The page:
I didn't know that I was looking for a writing group, until one day when I was browsing in my neighborhood used bookstore. The store owner looked very literary-minded, maybe because she was surrounded by stacks of books, and so even after she recommended several novels, I continued my line of questioning. Did she write fiction? Was she involved with any writing groups? The answer was yes to both it turned out, and she invited me to join her group, perhaps because she was friendly, perhaps to restore quiet in the bookstore.
The people in this group have different perspectives on fiction although they all share a love of writing and cats—possibly the two traits are linked? One writes about pathological violence though outwardly she seems quite pleasant. Another always finds deep meaning in stories that the writers did not intend—but who then often accept credit for intending subconsciously. There is also a member who does not tolerate requests for extensions. "I did not see your story attached on your last email," he will respond. "Please send it within two hours." In trying to finish stories, this kind of pressure is particularly helpful (though further notices of deadline in T - 1 hr 40 min., and T - 1 hr. 30 min., less so).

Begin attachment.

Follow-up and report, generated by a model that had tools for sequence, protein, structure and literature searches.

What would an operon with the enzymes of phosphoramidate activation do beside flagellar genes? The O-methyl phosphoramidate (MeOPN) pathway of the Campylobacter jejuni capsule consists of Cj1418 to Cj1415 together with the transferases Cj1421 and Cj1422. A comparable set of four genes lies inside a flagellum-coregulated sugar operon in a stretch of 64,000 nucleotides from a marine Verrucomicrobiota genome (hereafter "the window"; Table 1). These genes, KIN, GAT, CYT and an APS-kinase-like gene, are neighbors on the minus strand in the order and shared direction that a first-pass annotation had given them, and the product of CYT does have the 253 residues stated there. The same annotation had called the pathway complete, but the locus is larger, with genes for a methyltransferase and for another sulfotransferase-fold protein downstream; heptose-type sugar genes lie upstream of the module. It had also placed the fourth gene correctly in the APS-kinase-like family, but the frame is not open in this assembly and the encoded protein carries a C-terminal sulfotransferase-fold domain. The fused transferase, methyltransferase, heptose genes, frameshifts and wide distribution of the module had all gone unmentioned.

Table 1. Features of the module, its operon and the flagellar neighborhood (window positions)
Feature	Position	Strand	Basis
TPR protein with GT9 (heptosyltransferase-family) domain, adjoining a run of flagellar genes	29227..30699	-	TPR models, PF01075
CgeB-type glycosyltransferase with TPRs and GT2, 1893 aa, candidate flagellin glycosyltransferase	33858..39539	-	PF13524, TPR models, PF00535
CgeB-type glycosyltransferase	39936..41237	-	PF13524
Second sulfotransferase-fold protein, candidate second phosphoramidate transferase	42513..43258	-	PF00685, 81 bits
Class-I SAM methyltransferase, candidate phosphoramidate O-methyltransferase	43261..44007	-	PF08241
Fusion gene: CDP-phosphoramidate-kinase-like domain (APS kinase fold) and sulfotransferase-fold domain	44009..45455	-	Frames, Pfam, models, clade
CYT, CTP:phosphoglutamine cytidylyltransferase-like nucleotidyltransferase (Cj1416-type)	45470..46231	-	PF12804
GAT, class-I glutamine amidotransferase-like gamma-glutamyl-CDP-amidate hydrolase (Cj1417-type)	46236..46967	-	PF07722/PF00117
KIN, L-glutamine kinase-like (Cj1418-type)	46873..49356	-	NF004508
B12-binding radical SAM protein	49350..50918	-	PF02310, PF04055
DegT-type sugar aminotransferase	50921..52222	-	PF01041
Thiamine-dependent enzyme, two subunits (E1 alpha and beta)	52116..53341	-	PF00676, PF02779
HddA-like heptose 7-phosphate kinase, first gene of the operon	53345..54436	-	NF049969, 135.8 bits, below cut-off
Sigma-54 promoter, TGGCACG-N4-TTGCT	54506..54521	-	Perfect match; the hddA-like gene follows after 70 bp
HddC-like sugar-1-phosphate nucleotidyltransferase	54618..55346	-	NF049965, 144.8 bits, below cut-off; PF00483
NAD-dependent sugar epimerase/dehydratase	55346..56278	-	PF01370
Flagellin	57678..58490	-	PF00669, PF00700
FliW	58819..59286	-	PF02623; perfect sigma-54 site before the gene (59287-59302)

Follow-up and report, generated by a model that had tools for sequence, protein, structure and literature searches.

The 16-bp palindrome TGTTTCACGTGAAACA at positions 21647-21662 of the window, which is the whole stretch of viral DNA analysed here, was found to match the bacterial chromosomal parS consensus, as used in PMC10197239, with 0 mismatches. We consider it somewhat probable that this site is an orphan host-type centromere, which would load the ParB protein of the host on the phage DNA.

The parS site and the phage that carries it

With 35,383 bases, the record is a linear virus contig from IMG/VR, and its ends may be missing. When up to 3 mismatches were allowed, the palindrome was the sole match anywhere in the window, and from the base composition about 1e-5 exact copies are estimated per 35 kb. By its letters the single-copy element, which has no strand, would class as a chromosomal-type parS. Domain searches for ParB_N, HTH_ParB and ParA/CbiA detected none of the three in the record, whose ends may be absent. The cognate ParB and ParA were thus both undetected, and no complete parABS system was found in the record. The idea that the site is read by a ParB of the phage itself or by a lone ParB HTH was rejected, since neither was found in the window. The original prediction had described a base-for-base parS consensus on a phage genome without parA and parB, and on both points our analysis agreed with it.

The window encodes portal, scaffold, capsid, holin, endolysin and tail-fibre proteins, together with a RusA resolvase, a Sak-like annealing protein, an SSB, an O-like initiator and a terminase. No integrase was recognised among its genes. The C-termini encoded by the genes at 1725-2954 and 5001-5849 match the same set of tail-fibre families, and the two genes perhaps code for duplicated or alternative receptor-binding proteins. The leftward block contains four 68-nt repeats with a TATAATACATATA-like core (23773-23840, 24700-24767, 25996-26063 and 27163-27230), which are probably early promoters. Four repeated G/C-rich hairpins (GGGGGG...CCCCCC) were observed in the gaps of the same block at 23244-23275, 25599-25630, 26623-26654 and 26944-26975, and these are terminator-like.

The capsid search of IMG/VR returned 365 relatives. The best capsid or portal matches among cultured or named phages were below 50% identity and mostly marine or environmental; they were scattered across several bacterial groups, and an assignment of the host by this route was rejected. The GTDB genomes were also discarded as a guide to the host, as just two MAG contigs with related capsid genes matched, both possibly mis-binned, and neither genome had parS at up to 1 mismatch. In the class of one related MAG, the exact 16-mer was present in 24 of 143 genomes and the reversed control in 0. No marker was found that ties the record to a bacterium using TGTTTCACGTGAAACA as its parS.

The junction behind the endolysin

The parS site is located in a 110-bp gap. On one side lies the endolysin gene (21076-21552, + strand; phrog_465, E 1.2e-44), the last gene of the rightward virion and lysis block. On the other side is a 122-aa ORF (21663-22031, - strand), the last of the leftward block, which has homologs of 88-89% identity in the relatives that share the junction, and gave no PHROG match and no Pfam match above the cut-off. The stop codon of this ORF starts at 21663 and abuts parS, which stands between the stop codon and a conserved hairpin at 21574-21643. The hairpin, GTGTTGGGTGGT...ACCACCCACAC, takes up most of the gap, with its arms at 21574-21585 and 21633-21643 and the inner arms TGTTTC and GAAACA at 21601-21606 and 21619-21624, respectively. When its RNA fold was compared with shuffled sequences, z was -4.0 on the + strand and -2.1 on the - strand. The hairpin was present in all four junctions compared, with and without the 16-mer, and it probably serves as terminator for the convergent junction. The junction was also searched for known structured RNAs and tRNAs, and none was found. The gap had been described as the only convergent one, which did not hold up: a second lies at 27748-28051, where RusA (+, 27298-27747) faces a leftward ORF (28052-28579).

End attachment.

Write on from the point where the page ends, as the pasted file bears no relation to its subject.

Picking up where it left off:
Writing with this audience in mind has been much more productive than writing for the little blue folders on my computer. Because writing is usually solitary, I had forgotten how helpful it is to be part of a like-minded community. Feedback always provides perspective, and especially in a group, the debates can provoke new ideas—though we have also argued at too much length over whether a character's subway route could have been more time efficient.
So I am continuing to talk to more writers when I can—though sometimes it's hard to know exactly how to spot the people who are outwardly pleasant, but secretly focused on pathological narrators, cats, and denying extensions.